Less than a month ago, on January 18, we gathered in a church in Kaneohe, Hawaii, to be with Taka Alphons and Pat Billington as they solemnized their marriage after 30 years of life together. It was clearly a touching moment for them, with joy radiating from their faces, and for all of their friends who were there to cheer them on. We already knew that Taka and Pat would leave Hawaii two days later for California where Taka was scheduled to have a heart transplant.
All of us who were there were confident there was nothing wrong with the inner workings of Taka?s heart, but the mechanics was another matter altogether. Over the past several years Taka had bypass surgery, valve replacements, insertion of a monitor, and he seemed headed for a new Micronesian record in cardiological procedures. During it all, he had experienced a couple very close calls when he had been whisked to the hospital just in time.
Taka didn?t make it this time. He flew to California for the heart transplant, but it seems that from the start his body had difficulty adapting to the replacement. Just a day or two after the transplant, on February 11, he passed away with his wife at his side.
Sorrow was never a big part of Taka?s life, so let?s dispense with that here and celebrate the man he was. I met him first as a student at Xavier in 1963–he was something of a prodigy in math and well able to see how badly I struggled to teach the physics class that one of the older Jesuits dumped on me that year. I?ll never forget the hike around the entire island of Pohnpei that he and another Pohnpeian student took with me one of those summers. I can still hear their laughter as I tottered on the single coconut tree log that served as a bridge over so many of those island streams. He showed me how to fire a .22 rifle and bring down the pigeons that served as our dinner on more than one evening.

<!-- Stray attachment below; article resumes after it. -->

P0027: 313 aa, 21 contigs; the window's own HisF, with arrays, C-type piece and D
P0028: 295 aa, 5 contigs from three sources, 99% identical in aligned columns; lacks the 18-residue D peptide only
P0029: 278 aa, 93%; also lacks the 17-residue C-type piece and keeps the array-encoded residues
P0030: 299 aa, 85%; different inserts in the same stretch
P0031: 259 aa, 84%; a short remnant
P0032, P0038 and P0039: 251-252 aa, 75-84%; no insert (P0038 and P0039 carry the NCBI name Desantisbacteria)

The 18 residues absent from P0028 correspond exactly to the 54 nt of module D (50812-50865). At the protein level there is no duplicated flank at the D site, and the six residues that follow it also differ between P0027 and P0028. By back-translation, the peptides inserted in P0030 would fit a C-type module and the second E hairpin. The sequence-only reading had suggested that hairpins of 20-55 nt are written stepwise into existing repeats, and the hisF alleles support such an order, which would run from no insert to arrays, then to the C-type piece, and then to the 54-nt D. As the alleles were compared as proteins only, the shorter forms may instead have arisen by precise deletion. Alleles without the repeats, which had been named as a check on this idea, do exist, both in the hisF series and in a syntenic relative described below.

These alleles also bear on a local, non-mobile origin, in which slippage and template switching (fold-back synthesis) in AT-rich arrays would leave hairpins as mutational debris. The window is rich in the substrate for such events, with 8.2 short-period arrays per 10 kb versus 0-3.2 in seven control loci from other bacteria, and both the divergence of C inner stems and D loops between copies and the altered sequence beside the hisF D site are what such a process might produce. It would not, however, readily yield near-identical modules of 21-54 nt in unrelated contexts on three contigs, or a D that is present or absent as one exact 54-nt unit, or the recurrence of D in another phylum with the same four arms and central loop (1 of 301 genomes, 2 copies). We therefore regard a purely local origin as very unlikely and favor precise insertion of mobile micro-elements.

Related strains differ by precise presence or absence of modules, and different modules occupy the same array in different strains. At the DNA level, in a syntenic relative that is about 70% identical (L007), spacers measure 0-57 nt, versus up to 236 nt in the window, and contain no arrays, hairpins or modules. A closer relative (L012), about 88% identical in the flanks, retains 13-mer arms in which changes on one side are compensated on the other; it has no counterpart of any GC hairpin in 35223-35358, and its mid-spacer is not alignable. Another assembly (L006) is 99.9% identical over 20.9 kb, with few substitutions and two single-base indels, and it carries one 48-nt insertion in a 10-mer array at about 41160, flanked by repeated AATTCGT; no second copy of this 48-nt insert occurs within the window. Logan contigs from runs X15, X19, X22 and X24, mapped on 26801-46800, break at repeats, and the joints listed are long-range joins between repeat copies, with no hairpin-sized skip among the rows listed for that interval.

Later we were together again when he returned to Xavier to teach during the 1970s. The rest of the world might be dancing to disco music. But we faculty members were listening to Taka play John Denver songs on his guitar as he sipped from whatever we offered him. His good spirits were irrepressible, and they were contagious as well. Maybe that?s why so many of us looked back on those days so fondly. We may have had our faults, Taka as well as the rest of us, but we were family to one another. No small thing for a school that has always prided itself on fostering unity.
Taka moved on to Pohnpei to work there for a while in youth programs, but he kept in touch with his old friends. He was still the same happy soul he had always been. There he met Pat and became even happier. The two of them moved on to Hawaii as Taka?s health concerns became more serious, but both kept their jobs and entertained–although more often with Pohnpeian sakau than spirits or wine.
Is it sentimental slop to think that I hear Taka?s heart still beating? Not the fleshly one that gave out on him long before it should have, but the spirit he shared with those close to him–an exhilarating? spirit of love of life, and of his friends.